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Video: We Came To Heal Documentary

Great documentary. Please watch, share your thoughts, reactions and ways we can build healing communities here in NJ. This video shows in detail how we infuse language, pedagogy and praxis to move individuals and community healing. We Came to Heal” follows H.O.L.L.A!’s Healing Justice Movement - over a three years period capturing Healing Justice circles, the Healing Justice Summits and H.O.L.L.A!’ s human healing-centered praxis led by The Youth Organizing Collective (Y.O.C). We believe to...

Trauma Informed Teaching | Dr. Meredith Fox

Re-thinking how we relate to and build relationships with students who have social-emotional needs, as well as connect with students who may have experienced trauma in their lives. Dr. Fox is a passionate educator with 17 years of experience in public education. She began her career as a special education teacher in the Nanuet School District and went on to complete a Master’s Degree in Educational Administration from Fordham University. Upon completion of that degree, she expanded her role...

NJEA Social Emotional Learning webinar

Join NJEA in celebrating International #SEL Day on March 26, 2021 from 3:00– 4:00 pm. Members will hear from Alisha Delorenzo, SEL specialist and a panel of educators who have incorporated SEL practices into their schools and classrooms. Please click HERE to register and join the meeting. ***NJEA pin NOT mandatory to register*** A short video that explains SEL and its benefits.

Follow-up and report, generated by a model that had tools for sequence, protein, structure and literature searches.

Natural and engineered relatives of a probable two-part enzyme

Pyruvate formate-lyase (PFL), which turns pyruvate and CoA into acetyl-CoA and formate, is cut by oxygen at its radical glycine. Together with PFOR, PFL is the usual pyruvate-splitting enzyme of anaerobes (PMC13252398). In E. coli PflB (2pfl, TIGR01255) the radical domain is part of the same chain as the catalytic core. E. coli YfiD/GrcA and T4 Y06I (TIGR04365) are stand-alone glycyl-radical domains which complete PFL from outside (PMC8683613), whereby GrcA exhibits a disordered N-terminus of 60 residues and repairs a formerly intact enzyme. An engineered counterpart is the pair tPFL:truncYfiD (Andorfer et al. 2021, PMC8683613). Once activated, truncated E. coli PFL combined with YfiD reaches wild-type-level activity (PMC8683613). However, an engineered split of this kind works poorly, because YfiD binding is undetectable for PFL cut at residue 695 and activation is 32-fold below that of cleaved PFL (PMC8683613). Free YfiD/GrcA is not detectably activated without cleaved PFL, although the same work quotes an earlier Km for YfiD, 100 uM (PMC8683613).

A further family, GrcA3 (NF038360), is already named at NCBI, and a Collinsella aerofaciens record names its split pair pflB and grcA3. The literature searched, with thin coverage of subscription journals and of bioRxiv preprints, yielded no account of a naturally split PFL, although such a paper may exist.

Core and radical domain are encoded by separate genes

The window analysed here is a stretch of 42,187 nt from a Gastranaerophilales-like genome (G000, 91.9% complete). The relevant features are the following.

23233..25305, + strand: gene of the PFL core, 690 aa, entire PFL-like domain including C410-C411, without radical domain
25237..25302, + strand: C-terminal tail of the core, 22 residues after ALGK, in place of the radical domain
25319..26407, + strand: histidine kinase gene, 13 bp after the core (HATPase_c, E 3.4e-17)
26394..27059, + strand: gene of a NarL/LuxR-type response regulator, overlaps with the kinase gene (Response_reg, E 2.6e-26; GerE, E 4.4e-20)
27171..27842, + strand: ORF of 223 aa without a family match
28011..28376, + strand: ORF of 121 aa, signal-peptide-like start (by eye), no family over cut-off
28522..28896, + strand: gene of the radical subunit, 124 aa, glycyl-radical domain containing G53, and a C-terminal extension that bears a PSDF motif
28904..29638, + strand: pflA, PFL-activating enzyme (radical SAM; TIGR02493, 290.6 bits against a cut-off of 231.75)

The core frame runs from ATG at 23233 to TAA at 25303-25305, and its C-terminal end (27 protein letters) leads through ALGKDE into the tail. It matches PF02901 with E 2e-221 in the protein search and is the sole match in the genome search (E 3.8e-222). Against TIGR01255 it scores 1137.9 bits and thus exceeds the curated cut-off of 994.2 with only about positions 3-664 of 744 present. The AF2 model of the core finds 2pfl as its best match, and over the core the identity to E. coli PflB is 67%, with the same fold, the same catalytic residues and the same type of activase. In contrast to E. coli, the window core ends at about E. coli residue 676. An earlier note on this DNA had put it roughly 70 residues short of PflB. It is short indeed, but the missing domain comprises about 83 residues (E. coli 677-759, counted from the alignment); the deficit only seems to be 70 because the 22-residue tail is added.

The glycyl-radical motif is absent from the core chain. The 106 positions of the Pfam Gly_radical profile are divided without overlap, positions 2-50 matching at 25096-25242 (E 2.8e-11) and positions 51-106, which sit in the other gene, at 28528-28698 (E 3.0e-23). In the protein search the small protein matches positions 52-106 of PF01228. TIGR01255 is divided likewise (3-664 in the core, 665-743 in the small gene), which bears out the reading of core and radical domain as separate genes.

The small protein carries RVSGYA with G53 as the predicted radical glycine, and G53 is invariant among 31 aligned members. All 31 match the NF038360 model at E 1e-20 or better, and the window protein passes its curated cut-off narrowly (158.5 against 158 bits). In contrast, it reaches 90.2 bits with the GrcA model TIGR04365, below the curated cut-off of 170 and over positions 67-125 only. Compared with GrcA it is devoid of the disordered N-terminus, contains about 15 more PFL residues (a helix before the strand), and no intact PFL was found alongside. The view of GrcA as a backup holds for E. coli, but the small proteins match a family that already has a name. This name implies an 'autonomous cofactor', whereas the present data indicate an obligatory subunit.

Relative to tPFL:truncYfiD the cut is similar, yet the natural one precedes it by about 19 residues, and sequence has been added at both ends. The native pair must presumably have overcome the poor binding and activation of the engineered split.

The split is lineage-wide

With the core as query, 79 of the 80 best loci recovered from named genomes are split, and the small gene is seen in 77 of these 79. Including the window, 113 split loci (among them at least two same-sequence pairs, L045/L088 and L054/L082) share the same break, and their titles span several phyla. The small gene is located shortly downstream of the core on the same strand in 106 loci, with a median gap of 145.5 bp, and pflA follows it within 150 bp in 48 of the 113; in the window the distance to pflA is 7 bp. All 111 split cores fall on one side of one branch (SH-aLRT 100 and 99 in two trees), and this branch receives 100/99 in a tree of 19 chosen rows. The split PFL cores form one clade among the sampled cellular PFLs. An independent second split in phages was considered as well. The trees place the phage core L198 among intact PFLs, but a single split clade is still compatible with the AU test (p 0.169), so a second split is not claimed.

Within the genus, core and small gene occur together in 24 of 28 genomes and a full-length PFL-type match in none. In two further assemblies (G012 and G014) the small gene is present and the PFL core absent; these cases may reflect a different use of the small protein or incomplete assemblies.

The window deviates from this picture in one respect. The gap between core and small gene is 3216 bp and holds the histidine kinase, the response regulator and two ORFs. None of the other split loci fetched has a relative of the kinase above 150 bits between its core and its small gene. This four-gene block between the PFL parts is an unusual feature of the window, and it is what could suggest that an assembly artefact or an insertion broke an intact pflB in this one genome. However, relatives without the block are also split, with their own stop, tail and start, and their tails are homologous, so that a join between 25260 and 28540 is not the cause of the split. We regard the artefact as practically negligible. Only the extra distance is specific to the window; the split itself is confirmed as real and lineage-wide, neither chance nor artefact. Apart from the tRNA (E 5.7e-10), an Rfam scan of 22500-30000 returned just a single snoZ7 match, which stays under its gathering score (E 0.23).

Caribbean Women's Mental Health

An amazing conversation with Ms. Alethea Bonello, Dr. Dawn Stewart, Dr. Sinead Younge, Dr. Tiesha S Nelson, and Dr. Joanne Spence discuss mental health concerns relevant to women of Caribbean ancestry. Thank you Caribbean Community manager @Adrian Alexander for sharing this. Twitter: @DrIfetayo Instagram: @AHealingParadigm LinkedIn: @Ifetayo Ojelade YouTube: @Ifetayo Ojelade

A Conversation on Race and Privilege with Angela Davis and Jane Elliott

A Conversation on Race and Privilege with Angela Davis and Jane Elliott is the latest installment of the student-led Social Justice Solutions series. Each year, we invite activists, thought leaders, and the community to explore action-oriented strategies to affect social change. This year we are honored to host two luminaries who have long been on the front lines of pushing the national conversation on race and racial justice forward.

Clara Barton

Clara Barton An educator and humanitarian, Clarissa “Clara” Harlowe Barton helped distribute needed supplies to the Union Army during the Civil War and later founded the disaster relief organization, the American Red Cross. Born on December 25, 1821 in Oxford, Massachusetts, Barton was the youngest of Stephen and Sarah Barton’s five children. Her father was a prosperous farmer. As a teenager, Barton helped care for her seriously ill brother David—her first experience as a nurse. Barton’s...

Dr. Gabor Maté – Trauma as disconnection from the self

“Trauma is not what happens to you, but what happens inside you as a result of what happened to you” Scotland is in the midst of a growing grassroots movement aimed at increasing public awareness of Adverse Childhood Experiences (ACEs). We now have glaring scientific evidence that childhood adversity can create harmful levels of stress, especially if a child is left to manage their responses to that adversity without emotionally reliable relationships. The vision for ACE Aware Nation is that...